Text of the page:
4792 Lykaon (// lye-KAY-ən), provisional designation 1988 RK1, is a dark Jupiter trojan from the Trojan camp, approximately 51 kilometers (32 miles) in diameter. It was discovered on 10 September 1988, by American astronomer Carolyn Shoemaker at the Palomar Observatory in California. The possibly elongated Jovian asteroid belongs to the 100 largest Jupiter trojans and has a long rotation period of 40.1 hours. It was named after the Trojan prince Lycaon from Greek mythology.
|Discovered by||C. Shoemaker|
|Discovery site||Palomar Obs.|
|Discovery date||10 September 1988|
|MPC designation||(4792) Lykaon|
|Pronunciation||// · lye-KAY-ən|
|1988 RK1 · 1989 UN9|
|Jupiter trojan |
Trojan  · background 
|Orbital characteristics |
|Epoch 23 March 2018 (JD 2458200.5)|
|Uncertainty parameter 0|
|Observation arc||29.69 yr (10,843 d)|
|12.06 yr (4,406 d)|
|0° 4m 54.12s / day|
|Jupiter MOID||0.0079 AU|
53.16 km (calculated)
B–V = 0.830±0.060
V–R = 0.420±0.040
V–I = 0.960±0.025
Orbit and classificationEdit
Lykaon is a dark Jovian asteroid in a 1:1 orbital resonance with Jupiter. It is located in the trailering Trojan camp at the Gas Giant's L5 Lagrangian point, 60° behind its orbit . It is also a non-family asteroid of the Jovian background population. It orbits the Sun at a distance of 4.8–5.7 AU once every 12 years and 1 month (4,406 days; semi-major axis of 5.26 AU). Its orbit has an eccentricity of 0.09 and an inclination of 9° with respect to the ecliptic. The body's observation arc begins at Palomar with its official discovery observation in September 1988.
In April 1996, a rotational lightcurve of Lykaon was obtained from a total of six nights of photometric observations by Italian astronomer Stefano Mottola, using the Bochum 0.61-metre Telescope at La Silla Observatory in northern Chile. Lightcurve analysis gave a rotation period of 40.09±0.10 hours with a brightness variation of 0.43 magnitude (U=2+). A high brightness amplitude is indicative of a non-spherical shape. While not being a slow rotator, it has one of the longest periods among all larger Jupiter trojans (see table below).
Diameter and albedoEdit
According to the survey carried out by the NEOWISE mission of NASA's Wide-field Infrared Survey Explorer, Lykaon measures 50.87 kilometers in diameter and its surface has an albedo of 0.068, while the Collaborative Asteroid Lightcurve Link assumes a standard albedo for a carbonaceous asteroid of 0.057, and calculates a diameter of 53.16 kilometers based on an absolute magnitude of 10.1. No diameter estimate for this object was published by the IRAS and Akari (satellite) surveys.
This minor planet was named by the discoverer from Greek mythology after the Trojan prince Lycaon, one of King Priam's many sons. He was captured by Achilles and sold as slave. Shortly after Lycaon returned to the Trojan War, he was slain by Achilles without mercy near the River Scamander. The official naming citation was published by the Minor Planet Center on 27 June 1991 (M.P.C. 18465).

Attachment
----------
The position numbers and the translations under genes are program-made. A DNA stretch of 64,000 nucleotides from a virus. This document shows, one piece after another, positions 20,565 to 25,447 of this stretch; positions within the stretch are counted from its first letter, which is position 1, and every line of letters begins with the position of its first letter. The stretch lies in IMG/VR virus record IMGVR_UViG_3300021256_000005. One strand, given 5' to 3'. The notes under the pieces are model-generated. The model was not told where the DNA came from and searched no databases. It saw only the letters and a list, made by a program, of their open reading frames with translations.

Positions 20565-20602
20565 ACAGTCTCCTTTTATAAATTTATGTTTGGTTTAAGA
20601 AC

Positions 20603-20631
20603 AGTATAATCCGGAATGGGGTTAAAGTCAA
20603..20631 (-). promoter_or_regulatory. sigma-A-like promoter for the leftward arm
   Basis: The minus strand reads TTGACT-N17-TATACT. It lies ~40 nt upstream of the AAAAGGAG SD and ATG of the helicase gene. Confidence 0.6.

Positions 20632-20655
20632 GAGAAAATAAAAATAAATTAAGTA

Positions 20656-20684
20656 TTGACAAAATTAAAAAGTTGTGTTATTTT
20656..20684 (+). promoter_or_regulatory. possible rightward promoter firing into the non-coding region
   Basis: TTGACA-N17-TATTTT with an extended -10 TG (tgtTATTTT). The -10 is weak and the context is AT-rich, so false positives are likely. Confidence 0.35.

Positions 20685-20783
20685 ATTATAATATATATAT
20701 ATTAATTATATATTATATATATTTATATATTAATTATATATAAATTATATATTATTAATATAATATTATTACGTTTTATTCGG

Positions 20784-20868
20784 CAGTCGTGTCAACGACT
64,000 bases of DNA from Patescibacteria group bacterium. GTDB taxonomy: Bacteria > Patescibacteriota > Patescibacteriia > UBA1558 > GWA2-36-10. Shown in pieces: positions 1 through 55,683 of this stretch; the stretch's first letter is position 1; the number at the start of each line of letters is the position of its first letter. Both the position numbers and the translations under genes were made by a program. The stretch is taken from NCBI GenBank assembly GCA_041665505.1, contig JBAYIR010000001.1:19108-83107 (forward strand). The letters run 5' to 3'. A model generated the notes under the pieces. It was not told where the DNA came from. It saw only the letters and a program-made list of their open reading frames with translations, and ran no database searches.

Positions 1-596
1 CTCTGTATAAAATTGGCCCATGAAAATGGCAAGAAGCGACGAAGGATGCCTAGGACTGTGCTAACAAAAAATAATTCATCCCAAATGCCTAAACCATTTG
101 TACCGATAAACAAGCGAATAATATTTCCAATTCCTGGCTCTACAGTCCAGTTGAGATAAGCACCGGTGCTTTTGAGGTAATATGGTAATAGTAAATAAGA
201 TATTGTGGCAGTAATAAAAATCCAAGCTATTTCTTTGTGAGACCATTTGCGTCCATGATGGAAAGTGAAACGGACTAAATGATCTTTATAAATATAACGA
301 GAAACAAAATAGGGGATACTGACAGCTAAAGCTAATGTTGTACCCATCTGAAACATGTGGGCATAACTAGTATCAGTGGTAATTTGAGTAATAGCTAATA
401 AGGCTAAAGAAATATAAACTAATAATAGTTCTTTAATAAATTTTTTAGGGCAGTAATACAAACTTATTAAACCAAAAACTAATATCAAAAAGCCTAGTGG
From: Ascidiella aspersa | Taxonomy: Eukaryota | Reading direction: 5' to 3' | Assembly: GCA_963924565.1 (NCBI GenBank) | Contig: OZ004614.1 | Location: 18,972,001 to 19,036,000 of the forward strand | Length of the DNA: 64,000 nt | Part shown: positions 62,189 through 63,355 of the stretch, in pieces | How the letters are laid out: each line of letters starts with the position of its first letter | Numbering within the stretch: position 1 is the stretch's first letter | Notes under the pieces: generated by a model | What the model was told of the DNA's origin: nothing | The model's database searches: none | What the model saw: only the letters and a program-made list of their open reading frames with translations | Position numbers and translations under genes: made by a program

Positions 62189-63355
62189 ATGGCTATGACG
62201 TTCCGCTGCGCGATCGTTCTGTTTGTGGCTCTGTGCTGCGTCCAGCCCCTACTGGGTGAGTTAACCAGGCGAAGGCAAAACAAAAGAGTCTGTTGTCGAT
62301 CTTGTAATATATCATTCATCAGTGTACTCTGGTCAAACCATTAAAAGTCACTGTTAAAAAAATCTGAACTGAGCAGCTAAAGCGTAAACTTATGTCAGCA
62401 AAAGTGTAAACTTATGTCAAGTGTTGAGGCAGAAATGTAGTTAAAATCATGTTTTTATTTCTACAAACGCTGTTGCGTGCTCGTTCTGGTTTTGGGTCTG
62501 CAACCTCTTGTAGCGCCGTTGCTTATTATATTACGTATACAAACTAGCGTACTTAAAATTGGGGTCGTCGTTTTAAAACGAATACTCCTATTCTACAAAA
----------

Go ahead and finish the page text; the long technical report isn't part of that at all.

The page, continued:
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- "JPL Small-Body Database Browser: 4792 Lykaon (1988 RK1)" (2018-05-19 last obs.). Jet Propulsion Laboratory. Retrieved 20 June 2018.
- "List of Jupiter Trojans". Minor Planet Center. 1 June 2018. Retrieved 20 June 2018.
- "Asteroid (4792) Lykaon – Proper Elements". AstDyS-2, Asteroids – Dynamic Site. Retrieved 20 June 2018.
- Grav, T.; Mainzer, A. K.; Bauer, J. M.; Masiero, J. R.; Nugent, C. R. (November 2012). "WISE/NEOWISE Observations of the Jovian Trojan Population: Taxonomy". The Astrophysical Journal. 759 (1): 10. arXiv:1209.1549. Bibcode:2012ApJ...759...49G. doi:10.1088/0004-637X/759/1/49. (online catalog)
- "LCDB Data for (4792) Lykaon". Asteroid Lightcurve Database (LCDB). Retrieved 20 June 2018.
- Mottola, Stefano; Di Martino, Mario; Erikson, Anders; Gonano-Beurer, Maria; Carbognani, Albino; Carsenty, Uri; et al. (May 2011). "Rotational Properties of Jupiter Trojans. I. Light Curves of 80 Objects". The Astronomical Journal. 141 (5): 32. Bibcode:2011AJ....141..170M. doi:10.1088/0004-6256/141/5/170.
- Carvano, J. M.; Hasselmann, P. H.; Lazzaro, D.; Mothé-Diniz, T. (February 2010). "SDSS-based taxonomic classification and orbital distribution of main belt asteroids". Astronomy and Astrophysics. 510: 12. Bibcode:2010A&A...510A..43C. doi:10.1051/0004-6361/200913322. Retrieved 20 June 2018.
- Chatelain, Joseph P.; Henry, Todd J.; French, Linda M.; Winters, Jennifer G.; Trilling, David E. (June 2016). "Photometric colors of the brightest members of the Jupiter L5 Trojan cloud". Icarus. 271: 158–169. Bibcode:2016Icar..271..158C. doi:10.1016/j.icarus.2016.01.026.
- "MPC/MPO/MPS Archive". Minor Planet Center. Retrieved 20 June 2018.
- Asteroid Lightcurve Database (LCDB), query form (info)
- Dictionary of Minor Planet Names, Google books
- Discovery Circumstances: Numbered Minor Planets (1)-(5000) – Minor Planet Center
- Asteroid 4792 Lykaon at the Small Bodies Data Ferret
- 4792 Lykaon at AstDyS-2, Asteroids—Dynamic Site
- 4792 Lykaon at the JPL Small-Body Database